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After 160 years, it's time for Yagan to go home

Graham Nown and Andrew Rosthorn on how a dispute over a Liverpool grave is denying a homeland funeral to a legendary Aboriginal leader

Graham Nown and Andrew Rosthorn

Australia's entire Aboriginal nation has united to demand the immediate return of the head of one of its greatest heroes, interred in a Liverpool cemetery. But Home Office officials have refused a request for exhumation after objections from relatives of stillborn babies buried in the same public grave.

The return of Aboriginal remains, severed as gruesome souvenirs by early white settlers and displayed as mantlepiece ornaments, or sold as scientific curios, has become a burning political issue in Aboriginal Australia.

The head of Yagan, the first Aboriginal in Western Australia to speak up for his people's rights in the face of European settlement, has become the focus of a campaign demanding that museums return Aboriginal relics. Many have been reluctant over the years, claiming skulls and other bones to be exhibits of scientific interest.

Yagan's head, the subject of a 10-year search by Aboriginal elders and anthropologists from Southampton University, was buried by Liverpool Museum in 1964. The unmarked grave in the Kirkdale Cemetery, Everton, also contains the remains of a Peruvian mummy.

Professor Peter Ucko, formerly of Southampton University, now head of the London Institute of Archaeology, led the search for the head at the request of the Aboriginal nation. His findings left little doubt to its identity.

After receiving no satisfactory response from petitioning the government and appealing to Liverpool City Council and the Home Office, Aboriginal rights activist Ken Colbung MBE, a JP in Western Australia, is travelling to Britain this week to demand the immediate return of the head of Yagan, shot dead by a teenage sheep farm labourer in 1833.

"I really need to talk to the mothers of those babies," says Mr Colbung, who is one of Yagan's descendents. "I need to put it to them properly, explain what it will mean to us if they will just change their minds.

"I've been working on this for years. The Australian government takes no interest in helping us. It's actually the British government that's paying for me to come over. They were getting nowhere talking to the mothers, so I hope they'll give me a chance. They came to our committee of elders and asked if me if I would help.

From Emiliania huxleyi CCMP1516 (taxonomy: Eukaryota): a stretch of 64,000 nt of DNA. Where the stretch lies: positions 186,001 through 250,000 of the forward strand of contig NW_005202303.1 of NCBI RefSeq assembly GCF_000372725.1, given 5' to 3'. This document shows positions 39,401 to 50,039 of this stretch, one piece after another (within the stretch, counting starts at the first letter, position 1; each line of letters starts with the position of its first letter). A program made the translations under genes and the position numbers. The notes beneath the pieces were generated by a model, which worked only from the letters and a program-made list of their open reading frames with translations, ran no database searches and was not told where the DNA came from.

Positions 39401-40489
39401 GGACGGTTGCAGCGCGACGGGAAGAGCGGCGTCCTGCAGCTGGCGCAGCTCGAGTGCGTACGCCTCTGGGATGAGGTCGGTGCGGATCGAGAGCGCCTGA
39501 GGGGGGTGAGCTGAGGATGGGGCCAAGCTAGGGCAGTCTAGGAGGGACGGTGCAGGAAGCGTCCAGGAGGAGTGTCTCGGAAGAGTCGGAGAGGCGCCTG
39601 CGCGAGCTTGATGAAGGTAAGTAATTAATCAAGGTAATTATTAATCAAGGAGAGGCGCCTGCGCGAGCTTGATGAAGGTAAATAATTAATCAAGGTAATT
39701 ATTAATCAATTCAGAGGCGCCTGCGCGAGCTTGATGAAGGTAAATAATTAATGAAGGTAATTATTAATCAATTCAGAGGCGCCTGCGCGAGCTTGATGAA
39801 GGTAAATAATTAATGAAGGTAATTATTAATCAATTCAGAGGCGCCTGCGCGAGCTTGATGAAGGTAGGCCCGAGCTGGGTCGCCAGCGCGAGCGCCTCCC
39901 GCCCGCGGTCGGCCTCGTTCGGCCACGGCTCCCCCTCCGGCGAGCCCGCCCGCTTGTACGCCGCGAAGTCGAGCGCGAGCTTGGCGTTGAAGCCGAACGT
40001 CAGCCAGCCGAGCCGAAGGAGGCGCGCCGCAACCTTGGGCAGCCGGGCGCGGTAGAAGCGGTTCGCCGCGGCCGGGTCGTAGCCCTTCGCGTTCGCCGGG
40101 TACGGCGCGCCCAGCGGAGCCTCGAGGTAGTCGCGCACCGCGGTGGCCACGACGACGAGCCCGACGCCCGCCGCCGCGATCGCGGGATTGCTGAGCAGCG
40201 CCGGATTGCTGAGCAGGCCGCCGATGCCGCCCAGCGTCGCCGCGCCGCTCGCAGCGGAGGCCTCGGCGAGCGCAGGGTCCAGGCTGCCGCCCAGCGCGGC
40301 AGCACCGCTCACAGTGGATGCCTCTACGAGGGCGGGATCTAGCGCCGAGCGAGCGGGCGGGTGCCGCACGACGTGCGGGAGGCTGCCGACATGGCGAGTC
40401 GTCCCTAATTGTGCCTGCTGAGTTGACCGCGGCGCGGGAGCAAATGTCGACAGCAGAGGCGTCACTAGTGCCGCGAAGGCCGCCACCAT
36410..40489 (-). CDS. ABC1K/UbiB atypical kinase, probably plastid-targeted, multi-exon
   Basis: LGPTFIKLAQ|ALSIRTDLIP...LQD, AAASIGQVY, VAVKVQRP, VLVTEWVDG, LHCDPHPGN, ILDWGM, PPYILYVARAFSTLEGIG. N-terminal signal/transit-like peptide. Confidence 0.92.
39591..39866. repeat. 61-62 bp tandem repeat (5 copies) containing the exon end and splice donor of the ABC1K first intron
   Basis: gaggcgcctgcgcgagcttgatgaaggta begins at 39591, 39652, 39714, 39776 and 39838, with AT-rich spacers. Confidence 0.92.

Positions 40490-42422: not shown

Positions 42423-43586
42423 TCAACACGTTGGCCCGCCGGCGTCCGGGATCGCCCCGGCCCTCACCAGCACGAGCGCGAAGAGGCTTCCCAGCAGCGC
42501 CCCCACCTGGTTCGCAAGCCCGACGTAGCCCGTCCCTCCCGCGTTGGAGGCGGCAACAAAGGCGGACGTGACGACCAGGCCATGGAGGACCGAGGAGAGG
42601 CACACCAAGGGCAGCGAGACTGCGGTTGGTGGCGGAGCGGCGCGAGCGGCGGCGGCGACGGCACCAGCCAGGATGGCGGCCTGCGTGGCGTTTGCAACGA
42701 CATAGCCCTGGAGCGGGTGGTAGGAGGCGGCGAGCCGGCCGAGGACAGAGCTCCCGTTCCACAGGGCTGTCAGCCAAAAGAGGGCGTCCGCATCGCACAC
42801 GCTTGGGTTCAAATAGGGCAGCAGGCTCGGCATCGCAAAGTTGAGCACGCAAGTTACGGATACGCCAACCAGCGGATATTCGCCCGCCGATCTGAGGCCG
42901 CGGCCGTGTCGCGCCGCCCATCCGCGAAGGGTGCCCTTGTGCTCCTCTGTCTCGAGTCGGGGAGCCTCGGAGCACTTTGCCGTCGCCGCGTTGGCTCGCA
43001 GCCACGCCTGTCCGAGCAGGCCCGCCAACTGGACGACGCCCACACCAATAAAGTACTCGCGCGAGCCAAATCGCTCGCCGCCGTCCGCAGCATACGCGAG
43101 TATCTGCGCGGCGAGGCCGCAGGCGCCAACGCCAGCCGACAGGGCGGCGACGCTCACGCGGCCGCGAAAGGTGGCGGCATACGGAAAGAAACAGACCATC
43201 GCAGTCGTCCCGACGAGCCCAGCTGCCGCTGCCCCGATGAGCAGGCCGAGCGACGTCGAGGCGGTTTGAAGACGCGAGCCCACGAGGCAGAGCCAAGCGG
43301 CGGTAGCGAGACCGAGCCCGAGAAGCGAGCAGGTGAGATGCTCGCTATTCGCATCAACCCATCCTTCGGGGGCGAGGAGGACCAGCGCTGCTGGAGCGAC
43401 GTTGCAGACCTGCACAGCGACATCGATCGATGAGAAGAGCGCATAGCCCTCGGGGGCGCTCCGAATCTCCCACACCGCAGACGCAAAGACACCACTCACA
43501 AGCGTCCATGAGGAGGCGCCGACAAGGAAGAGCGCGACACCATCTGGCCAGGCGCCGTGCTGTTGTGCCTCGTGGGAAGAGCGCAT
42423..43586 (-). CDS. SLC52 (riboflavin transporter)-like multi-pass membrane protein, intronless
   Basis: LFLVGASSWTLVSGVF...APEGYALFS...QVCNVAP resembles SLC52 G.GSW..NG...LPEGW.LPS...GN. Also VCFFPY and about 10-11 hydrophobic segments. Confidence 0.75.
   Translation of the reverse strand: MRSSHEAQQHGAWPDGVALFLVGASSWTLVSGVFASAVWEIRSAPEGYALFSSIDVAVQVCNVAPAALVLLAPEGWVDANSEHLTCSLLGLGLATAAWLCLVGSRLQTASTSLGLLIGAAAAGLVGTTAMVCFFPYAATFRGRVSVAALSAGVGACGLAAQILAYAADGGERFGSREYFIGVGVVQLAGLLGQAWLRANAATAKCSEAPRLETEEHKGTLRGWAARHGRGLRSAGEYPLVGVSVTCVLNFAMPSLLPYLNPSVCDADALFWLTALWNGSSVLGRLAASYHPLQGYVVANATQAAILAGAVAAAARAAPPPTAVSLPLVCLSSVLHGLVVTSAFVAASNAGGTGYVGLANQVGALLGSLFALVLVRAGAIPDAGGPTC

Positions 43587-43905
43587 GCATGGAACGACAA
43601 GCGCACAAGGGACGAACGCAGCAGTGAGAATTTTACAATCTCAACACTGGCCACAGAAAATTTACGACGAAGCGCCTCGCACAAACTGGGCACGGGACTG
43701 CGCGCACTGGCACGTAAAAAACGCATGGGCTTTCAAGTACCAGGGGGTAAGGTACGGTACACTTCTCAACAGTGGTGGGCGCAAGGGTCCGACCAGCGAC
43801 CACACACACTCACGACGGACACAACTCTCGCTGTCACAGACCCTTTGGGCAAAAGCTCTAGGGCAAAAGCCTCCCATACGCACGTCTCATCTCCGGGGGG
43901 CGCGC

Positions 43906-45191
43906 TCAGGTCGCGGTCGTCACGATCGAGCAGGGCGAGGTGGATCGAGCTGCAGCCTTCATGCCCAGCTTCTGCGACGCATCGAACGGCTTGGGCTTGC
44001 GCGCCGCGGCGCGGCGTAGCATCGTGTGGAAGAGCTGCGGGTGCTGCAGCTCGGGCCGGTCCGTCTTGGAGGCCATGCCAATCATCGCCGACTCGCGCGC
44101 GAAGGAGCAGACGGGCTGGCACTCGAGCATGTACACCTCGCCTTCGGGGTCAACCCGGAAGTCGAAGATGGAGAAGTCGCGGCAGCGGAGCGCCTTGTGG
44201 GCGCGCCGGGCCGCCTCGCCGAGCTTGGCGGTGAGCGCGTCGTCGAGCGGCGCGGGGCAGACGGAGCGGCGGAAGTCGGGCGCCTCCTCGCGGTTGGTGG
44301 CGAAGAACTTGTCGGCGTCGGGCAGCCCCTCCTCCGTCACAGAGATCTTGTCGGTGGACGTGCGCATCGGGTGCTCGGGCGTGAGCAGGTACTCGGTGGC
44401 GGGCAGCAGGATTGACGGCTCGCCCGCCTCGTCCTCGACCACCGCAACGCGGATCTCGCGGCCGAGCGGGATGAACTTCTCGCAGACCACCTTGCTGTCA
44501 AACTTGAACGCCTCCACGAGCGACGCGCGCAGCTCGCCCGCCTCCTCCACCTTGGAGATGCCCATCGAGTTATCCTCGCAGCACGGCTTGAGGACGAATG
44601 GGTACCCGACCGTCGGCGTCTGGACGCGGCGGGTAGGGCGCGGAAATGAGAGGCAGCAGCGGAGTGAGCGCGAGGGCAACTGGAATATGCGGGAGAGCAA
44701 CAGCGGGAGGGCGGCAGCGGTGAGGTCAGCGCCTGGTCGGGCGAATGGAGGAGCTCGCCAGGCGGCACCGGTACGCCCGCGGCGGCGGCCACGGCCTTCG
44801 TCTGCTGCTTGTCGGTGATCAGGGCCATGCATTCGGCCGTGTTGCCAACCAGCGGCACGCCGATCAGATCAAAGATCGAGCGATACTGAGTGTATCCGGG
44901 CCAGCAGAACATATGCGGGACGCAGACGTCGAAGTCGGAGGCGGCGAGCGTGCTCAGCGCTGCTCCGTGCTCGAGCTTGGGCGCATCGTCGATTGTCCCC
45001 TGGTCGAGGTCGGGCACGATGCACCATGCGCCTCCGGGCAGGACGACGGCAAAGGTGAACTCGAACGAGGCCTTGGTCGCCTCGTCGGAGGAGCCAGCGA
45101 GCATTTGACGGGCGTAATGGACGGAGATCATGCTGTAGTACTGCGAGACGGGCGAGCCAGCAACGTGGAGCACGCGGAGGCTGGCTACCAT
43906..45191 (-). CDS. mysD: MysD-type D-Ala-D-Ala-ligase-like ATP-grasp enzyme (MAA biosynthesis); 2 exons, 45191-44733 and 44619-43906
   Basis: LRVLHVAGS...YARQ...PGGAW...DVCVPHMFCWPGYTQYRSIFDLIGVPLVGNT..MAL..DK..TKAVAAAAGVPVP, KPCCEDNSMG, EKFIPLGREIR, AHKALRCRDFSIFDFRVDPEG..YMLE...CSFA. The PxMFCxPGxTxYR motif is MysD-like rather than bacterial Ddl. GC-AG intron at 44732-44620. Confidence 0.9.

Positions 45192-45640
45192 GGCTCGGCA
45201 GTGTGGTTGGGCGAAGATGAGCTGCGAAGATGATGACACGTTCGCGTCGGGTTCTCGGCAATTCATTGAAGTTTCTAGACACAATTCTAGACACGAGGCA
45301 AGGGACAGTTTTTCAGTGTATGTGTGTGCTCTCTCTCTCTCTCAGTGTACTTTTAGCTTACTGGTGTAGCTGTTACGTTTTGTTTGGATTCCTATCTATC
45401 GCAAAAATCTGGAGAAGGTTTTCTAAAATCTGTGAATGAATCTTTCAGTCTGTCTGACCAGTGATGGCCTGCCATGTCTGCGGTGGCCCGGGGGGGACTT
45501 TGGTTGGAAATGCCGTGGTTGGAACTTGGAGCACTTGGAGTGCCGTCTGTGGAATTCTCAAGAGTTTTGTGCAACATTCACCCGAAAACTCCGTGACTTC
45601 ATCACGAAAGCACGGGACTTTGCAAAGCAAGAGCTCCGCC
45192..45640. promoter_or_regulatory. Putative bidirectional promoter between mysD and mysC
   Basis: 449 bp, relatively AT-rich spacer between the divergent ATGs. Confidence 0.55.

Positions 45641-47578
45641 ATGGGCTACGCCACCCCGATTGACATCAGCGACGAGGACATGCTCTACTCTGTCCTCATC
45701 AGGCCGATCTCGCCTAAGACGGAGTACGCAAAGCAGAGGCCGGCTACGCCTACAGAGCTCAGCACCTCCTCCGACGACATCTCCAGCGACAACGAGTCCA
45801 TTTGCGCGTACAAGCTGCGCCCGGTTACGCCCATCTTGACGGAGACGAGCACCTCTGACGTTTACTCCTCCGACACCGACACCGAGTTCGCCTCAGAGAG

"The best course appears to be to remove Yagan's head from Britain without ceremony and return it to Western Australia, where it can be joined with the rest of his remains.

"It is Aboriginal belief that because Yagan's skeletal remains are incomplete, his spirit is earthbound. The uniting of his head and torso will immediately set his spirit free to continue its eternal journey. The planned full burial of this warrior and leader will have enormous cultural and social impact on the Aboriginal people."

Yagan, a leader of the Tondarup Ballaruk clan to which all South-West Australian Aboriginal people belong, is regarded as an outstanding leader who tried to reconcile whites and blacks in the 1830s. A statue by Australian sculptor Robert Hitchcock was erected to his memory on Herisson Island, Western Australia, in 1980.

It was here that Yagan first encountered Europeans, led by Captain James Stirling, who described the Aboriginal elder as "one of the most intelligent men I've met, black or white".

His brother, Domjum, was shot while allegedly trying to steal flour from a store, and his head hacked off. Yagan had a pounds 30 bounty placed on him by settlers fearful he might exact revenge.

When Yagan's father was killed, he speared two soldiers who had taken part in the murder. The Lieutenant Governor administrator of the Swan River area stepped-up military patrols to search for him. Yagan was eventually shot for the reward by a farm boy, William Keats, and his head preserved and brought to Britain.


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